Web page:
Solid-state gain media usually have a metastable electronic state as upper laser level, and often some additional metastable states (energy levels). Such states occur in situations where neither radiative nor non-radiative processes can lead to a rapid depopulation of a certain state. Radiative processes can be strongly reduced if all transitions to lower levels are so-called forbidden transitions (or weakly allowed transitions), for which efficient dipole processes are not possible. Strong non-radiative decay processes can arise from multi-phonon transitions and from quenching caused by certain impurities, but such mechanisms can often be avoided. The upper-state lifetime, i.e. the lifetime of the upper laser level, can then be microseconds or even milliseconds – for example, typically around 8–10 ms for erbium-doped fiber amplifiers, or roughly 1–2 ms for ytterbium-doped gain media.
As an example, Figure 1 shows the energy level scheme of thulium (Tm3+) ions. In fluoride fibers, having very low phonon energies, the levels 3H4, 3F4 and 1G4 are metastable, whereas e.g. 3H5 is quenched by multi-phonon processes which transfer the ions to 3H4. These circumstances make it possible to pump thulium ions efficiently into the 1G4 level, from where blue light can be emitted. This is exploited in some upconversion fiber lasers. For thulium ions in silica fibers, 3F4 has a much shorter lifetime, since multi-phonon processes are much stronger. Therefore, silica fibers are not usable for such upconversion lasers.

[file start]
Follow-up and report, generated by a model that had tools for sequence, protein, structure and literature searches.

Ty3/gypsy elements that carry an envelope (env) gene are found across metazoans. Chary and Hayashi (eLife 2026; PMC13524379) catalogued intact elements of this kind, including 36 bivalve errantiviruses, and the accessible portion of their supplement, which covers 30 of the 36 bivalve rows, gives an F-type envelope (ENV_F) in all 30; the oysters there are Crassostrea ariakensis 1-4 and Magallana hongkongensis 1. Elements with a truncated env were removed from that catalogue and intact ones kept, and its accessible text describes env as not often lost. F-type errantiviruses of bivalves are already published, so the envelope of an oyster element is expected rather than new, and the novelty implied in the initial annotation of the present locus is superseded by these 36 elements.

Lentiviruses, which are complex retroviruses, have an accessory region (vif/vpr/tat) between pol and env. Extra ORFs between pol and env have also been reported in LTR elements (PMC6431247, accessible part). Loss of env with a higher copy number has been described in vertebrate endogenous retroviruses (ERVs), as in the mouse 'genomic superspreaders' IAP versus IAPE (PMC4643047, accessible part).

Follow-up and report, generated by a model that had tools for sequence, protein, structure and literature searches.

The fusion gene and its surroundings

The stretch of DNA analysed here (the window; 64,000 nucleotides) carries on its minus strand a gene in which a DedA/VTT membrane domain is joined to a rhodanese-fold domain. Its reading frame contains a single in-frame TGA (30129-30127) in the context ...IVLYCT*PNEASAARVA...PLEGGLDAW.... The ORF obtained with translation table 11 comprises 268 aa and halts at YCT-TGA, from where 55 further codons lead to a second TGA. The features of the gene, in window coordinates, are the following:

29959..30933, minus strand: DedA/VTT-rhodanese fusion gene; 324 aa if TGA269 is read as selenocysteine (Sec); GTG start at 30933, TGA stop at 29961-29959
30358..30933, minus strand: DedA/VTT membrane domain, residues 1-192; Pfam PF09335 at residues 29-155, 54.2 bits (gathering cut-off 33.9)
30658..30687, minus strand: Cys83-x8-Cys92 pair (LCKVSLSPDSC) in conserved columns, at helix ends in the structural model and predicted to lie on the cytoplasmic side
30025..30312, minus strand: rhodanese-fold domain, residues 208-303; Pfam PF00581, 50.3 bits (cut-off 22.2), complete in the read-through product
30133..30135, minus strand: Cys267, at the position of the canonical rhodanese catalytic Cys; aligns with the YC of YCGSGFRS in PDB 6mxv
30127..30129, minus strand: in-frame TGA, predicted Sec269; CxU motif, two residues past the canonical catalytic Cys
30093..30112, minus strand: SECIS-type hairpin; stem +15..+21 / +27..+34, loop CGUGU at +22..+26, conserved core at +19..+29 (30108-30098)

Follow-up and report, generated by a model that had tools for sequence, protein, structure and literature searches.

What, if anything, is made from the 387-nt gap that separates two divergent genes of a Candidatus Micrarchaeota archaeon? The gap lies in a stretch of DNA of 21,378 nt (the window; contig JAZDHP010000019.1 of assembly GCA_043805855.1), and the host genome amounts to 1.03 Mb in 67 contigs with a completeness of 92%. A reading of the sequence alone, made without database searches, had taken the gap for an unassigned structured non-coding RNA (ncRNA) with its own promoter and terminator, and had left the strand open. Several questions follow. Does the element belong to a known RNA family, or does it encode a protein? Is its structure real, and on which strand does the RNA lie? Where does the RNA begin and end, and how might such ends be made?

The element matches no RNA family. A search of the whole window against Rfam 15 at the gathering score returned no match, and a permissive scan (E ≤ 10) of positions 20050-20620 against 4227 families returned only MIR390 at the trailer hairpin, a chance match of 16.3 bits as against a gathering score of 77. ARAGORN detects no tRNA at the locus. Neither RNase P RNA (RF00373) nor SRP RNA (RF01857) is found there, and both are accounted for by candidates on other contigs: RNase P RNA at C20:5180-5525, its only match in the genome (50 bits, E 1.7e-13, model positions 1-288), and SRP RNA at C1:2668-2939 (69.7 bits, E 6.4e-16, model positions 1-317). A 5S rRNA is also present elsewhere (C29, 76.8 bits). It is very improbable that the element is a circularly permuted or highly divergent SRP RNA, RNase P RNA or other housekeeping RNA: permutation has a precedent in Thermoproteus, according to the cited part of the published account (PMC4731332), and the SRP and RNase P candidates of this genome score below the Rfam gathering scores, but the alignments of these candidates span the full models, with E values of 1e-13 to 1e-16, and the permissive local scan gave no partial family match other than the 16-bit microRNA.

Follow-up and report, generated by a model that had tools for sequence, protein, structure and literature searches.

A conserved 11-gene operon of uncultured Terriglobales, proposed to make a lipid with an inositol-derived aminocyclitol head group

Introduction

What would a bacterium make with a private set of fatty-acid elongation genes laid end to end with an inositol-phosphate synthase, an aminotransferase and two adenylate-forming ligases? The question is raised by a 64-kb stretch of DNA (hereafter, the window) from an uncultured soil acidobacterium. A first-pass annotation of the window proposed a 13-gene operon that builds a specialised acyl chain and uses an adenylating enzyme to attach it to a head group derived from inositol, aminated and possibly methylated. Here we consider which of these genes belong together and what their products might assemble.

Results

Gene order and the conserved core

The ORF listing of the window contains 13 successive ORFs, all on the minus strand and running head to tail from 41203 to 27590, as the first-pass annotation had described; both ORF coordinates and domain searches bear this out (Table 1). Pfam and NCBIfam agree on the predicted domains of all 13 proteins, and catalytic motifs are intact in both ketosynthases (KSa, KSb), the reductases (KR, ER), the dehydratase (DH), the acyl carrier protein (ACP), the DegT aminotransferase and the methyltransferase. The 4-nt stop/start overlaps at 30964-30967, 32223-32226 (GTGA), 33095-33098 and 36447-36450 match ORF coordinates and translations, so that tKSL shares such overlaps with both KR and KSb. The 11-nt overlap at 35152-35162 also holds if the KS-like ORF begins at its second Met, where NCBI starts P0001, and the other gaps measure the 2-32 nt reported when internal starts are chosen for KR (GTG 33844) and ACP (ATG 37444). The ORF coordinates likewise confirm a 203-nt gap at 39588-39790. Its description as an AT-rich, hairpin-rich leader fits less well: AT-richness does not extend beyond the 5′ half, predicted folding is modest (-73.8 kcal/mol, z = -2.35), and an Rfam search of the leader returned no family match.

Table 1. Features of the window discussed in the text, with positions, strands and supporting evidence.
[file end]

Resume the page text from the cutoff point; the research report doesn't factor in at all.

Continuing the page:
Generally, laser gain media do not have to exhibit metastable levels; a short-lived level can still be used as the upper laser level provided that the emission cross sections are large enough. (For the threshold pump power, the σ−τ product is the essential quantity.) However, long metastable level lifetimes are very important for Q-switched lasers, as they permit significant energy storage. They also have a strong impact on the laser dynamics, including spiking phenomena. Finally, three-level laser transitions are hardly possible without metastable levels, since a substantial upper-state population as needed for positive net gain would be difficult to achieve.
In laser modeling of doped-insulator solid-state lasers, one usually considers population only of metastable states and the ground state, because only a vanishingly small proportion of the laser-active ions can be in other (short-lived) states. This can substantially simplify laser models.
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